By the 1960s each state of Australia had established a cancer society, and in 1961 the Australian Cancer Society (ACS, now Cancer Council Australia) was also established. Around this time it was recognised by some leading head and neck and breast cancer specialists that a multidisciplinary approach to treating cancer was essential. By 1964 some Sydney and Melbourne cancer clinics were using a multidisciplinary approach to treat cancer within their own centre, but it was recognised that more needed be done on a national level.
At the Annual Scientific Meetings (ASM) of 1968 and 1969 (facilitated by the ACS) discussions, both formal and informal, occurred about the establishment of a society with the aim of encouraging widespread communication between those working on the same body location and on different part of the body. Discussion also centered around how the ACS could play a role.
The 1970 ASM saw the ACS form a division of clinical oncology. The founding groups were the Head and Neck group and the Breast group. Each group paid a $5 annual levy.
At the 1971 ASM, held in Port Moresby, the name Clinical Oncological Society of Australia (COSA) was adopted and a draft constitution was prepared on the model of the American Society of Clinical Oncology. On 1 December 1971 COSA was formed.
At the first annual general meeting of COSA in November 1972 a new constitution was adopted and it was agreed that COSA was to ‘advance the clinical investigation and management of cancer”. The Society’s original objectives were to exchange information about cancer, further the training of all people in research and in care of patients, and to encourage communication between all disciplines concerned with cancer. COSA has 107 members in the Head and Neck group and 82 in the Breast group. There were members in all Australian states (except Tasmania) and in the Territory of Papua and New Guinea.
In 1974 Cancer Forum was first published. It remains one of the worlds few issue-designated cancer review journals, providing the clinical oncological and cancer research communities with multiple in-depth reviews on key aspects of cancer.
By 1982 there were 12 COSA groups, including Medical Oncology, Cancer Nurses, Cancer Research and Paediatric Oncology, representing a membership of 1100.
Within ten years COSA had become recognised as the major body representing cancer research and treatment. COSA was represented on the Council of the ACS, the working party for training medical oncologists run by the Royal Australasian College of Physicians, the National Health and Medical Research Council Drug Evaluation Committee, the Pharmaceutical Benefits Advisory Committee and the editorial board of the Australian Prescriber. COSA also played a vital role in the development of clinical trials, and in 1982 the establishment of the Cancer Trials Data Centre.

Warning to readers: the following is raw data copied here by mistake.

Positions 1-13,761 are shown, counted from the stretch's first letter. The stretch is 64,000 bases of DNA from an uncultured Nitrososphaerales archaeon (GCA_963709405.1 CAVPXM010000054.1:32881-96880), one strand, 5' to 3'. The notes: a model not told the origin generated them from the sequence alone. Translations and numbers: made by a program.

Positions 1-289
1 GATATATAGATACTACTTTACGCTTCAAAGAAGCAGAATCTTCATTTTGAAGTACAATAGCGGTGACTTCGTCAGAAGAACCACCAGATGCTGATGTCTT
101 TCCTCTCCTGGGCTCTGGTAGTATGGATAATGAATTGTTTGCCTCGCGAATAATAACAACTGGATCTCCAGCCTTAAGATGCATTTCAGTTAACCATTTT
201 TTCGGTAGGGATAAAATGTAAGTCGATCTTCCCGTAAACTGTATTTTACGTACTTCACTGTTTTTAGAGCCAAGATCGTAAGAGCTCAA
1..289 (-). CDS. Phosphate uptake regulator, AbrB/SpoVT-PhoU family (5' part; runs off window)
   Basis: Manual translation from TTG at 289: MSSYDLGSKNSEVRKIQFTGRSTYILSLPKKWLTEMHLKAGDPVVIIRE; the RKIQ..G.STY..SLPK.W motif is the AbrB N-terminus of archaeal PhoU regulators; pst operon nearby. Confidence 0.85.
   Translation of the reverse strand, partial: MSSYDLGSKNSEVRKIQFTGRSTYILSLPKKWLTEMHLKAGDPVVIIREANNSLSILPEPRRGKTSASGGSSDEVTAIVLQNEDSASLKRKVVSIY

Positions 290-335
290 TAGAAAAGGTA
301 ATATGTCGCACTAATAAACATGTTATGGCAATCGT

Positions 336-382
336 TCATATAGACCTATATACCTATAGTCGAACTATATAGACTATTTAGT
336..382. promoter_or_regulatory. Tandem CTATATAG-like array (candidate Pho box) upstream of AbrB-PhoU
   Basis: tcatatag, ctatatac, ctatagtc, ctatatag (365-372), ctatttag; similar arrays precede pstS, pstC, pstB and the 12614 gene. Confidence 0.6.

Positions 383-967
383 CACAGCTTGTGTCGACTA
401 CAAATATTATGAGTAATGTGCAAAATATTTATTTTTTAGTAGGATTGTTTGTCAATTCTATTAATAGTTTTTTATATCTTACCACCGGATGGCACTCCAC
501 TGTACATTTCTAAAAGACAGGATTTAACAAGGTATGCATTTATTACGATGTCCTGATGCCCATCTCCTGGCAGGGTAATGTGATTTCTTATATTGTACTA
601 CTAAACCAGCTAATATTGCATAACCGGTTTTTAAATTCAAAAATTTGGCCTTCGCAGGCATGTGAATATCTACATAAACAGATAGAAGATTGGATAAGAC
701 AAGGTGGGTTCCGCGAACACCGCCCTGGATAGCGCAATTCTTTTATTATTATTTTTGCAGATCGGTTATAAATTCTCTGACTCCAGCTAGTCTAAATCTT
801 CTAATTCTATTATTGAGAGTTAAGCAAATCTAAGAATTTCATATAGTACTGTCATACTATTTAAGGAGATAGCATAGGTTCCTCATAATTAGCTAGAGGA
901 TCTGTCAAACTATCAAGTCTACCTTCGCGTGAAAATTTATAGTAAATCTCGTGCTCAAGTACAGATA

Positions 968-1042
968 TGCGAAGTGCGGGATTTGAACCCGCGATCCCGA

In 2005, COSA & the Cancer Cooperative Trials Groups successfully applied for an Enabling Grant from the National Health & Medical Research Council. They were awarded $1.84 million over five years with the aim to enhance the capacity of all member Cancer Cooperative Trials Groups of COSA to conduct high quality clinical research by developing and providing fundamental resources. Although funding has now ended, enabling project work still continues.
Significant concern from COSA members has also seen the development of seven interest groups. In 2006 the Cancer Cancer Coordination interest group was formed, followed by Adolescent and Young Adult Cancer and Complementary and Integrative Therapies in 2007. In 2008 Geriatrics Oncology, Biobanking and Neuroendocrine Tumours (NETs) interest groups were formed. The Developing Nations interest group formed in 2009.
In 2009, COSA's Regional and Rural group released a report of a national workshop convened by Australia’s peak non-government clinical and community-based cancer organisations. Titled "A way forward for regional cancer centres – independent expert recommendations", the report outlined how the Australian Government’s $560 million budget commitment could best reduce geographical inequities in cancer outcomes. This regional and rural services mapping report became the basis for advocacy and government action on regional cancer centres.
Last updated: 04/04/13 10:57:52
Since 1970 COSA has greatly increased its national profile and its role in leading and/or advocating for action to address concerns of people affected by cancer and professionals working in cancer control to improve cancer outcomes. Members are drawn from the many disciplines in medicine engaged in cancer treatment and from associated research, patient care and support areas. They come from universities, private practice, government and private laboratories and other health services. Its membership now exceeds 1300 professionals from across Australia who are involved in: